Find Legal expertise in St Kitts and Nevis
- Legal System
St Kitts and Nevis’ legal system is based on English Common Law. Appeals are conducted first to the Eastern Caribbean Supreme Court, and ultimately to the Judicial Committee of the Privy Council in London. The Eastern Caribbean Supreme Court is based in St Lucia and is the Supreme Court for member states in the region.
The legal profession in St Kitts and Nevis is a fused profession in which attorneys are court room advocates as well as solicitors. In contrast, foreign lawyers practicing in the country remain separated into barristers and solicitors. Solicitors qualified in England and Wales can be admitted to the Bar in St Kitts and Nevis if they have at least five years post qualification work experience, whereas other foreign qualified lawyers must additionally take a six month conversion course.
To standardise legal education in the Caribbean region the governments of Antigua, Bahamas, Barbados, Belize, the British Virgin Islands, the Cayman Islands, Dominica, Grenada, Guyana, Jamaica, Montserrat, St. Kitts and Nevis, St. Lucia, St. Vincent, Trinidad and Tobago, and the Turks and Caicos Islands are members of the Council of Legal Education (CLE). The CLE has three law schools in the region based in Trinidad and Tobago, Jamaica and the Bahamas.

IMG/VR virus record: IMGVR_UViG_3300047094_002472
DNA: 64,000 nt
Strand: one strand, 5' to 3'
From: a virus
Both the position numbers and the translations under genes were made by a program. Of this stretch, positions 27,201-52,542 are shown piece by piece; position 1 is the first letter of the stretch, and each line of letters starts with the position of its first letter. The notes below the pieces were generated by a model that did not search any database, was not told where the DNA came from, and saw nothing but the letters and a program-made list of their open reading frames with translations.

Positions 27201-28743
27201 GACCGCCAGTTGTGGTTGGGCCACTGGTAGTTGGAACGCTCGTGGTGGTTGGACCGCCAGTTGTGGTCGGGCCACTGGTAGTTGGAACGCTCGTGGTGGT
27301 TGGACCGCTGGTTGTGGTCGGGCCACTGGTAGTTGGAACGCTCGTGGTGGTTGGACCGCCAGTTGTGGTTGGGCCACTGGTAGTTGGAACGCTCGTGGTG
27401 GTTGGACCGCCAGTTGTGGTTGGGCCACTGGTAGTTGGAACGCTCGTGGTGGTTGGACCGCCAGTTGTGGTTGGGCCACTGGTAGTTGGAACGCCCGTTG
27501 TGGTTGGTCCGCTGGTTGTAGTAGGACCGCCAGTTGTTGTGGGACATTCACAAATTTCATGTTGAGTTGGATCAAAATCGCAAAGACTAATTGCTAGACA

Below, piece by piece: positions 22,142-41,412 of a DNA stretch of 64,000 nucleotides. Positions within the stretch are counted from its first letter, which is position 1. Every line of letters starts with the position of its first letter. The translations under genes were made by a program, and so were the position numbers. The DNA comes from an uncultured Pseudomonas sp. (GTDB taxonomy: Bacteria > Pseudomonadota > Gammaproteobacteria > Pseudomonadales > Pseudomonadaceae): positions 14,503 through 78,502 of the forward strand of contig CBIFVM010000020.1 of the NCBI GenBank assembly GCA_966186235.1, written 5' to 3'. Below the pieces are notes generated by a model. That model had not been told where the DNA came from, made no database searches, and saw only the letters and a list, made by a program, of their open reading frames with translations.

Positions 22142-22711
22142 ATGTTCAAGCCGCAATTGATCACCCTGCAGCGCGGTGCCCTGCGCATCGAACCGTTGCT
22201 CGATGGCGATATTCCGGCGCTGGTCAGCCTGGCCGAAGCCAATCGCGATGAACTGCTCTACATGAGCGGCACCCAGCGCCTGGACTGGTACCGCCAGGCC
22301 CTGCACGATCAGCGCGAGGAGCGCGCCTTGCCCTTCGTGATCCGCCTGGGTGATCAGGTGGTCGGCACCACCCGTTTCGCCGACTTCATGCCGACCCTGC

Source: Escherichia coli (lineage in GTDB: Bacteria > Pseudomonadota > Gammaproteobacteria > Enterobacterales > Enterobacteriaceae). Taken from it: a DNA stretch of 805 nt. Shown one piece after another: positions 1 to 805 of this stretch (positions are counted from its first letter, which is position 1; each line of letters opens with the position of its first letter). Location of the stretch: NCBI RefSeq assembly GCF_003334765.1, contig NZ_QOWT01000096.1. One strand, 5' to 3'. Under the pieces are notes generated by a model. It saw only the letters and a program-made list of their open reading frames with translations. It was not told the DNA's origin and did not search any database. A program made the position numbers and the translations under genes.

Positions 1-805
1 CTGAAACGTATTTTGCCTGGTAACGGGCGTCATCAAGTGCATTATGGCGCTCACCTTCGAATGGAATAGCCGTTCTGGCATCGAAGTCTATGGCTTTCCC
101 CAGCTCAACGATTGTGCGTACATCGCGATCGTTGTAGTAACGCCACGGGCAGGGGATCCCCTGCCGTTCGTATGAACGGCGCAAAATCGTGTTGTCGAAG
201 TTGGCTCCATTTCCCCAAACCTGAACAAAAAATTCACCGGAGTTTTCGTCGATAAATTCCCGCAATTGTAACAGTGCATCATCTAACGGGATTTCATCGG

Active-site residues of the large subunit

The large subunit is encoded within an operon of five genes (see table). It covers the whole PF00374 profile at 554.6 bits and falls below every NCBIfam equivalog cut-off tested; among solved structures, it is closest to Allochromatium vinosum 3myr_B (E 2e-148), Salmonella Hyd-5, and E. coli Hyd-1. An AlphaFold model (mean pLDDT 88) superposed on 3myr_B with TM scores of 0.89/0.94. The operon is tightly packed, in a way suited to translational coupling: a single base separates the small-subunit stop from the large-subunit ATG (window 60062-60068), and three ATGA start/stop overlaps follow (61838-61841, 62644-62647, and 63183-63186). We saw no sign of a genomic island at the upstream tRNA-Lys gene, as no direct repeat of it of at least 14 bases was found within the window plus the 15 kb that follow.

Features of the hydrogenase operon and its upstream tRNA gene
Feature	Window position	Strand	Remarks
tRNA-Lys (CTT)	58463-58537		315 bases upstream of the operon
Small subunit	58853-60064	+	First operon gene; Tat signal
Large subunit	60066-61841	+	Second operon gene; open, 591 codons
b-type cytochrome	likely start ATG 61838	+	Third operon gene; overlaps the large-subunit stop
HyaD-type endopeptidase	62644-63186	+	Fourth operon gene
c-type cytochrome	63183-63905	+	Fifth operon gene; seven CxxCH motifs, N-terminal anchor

Bar associations in the region are represented by two larger unifying bodies, the Organisation of Commonwealth Caribbean Bar Associations (OCCBA) and the Organisation of Eastern Caribbean States (OECS) Bar Association. The St Kitts and Nevis Bar Association is represented by both larger organisations. In 2012 there were around 20 legal practitioners at the public bar in St Kitts and Nevis and over 80 practitioners at the private bar. There are around 40 law firms in the country.
Not included in the World Economic Forum, The Global Competitiveness Report 2012-2013.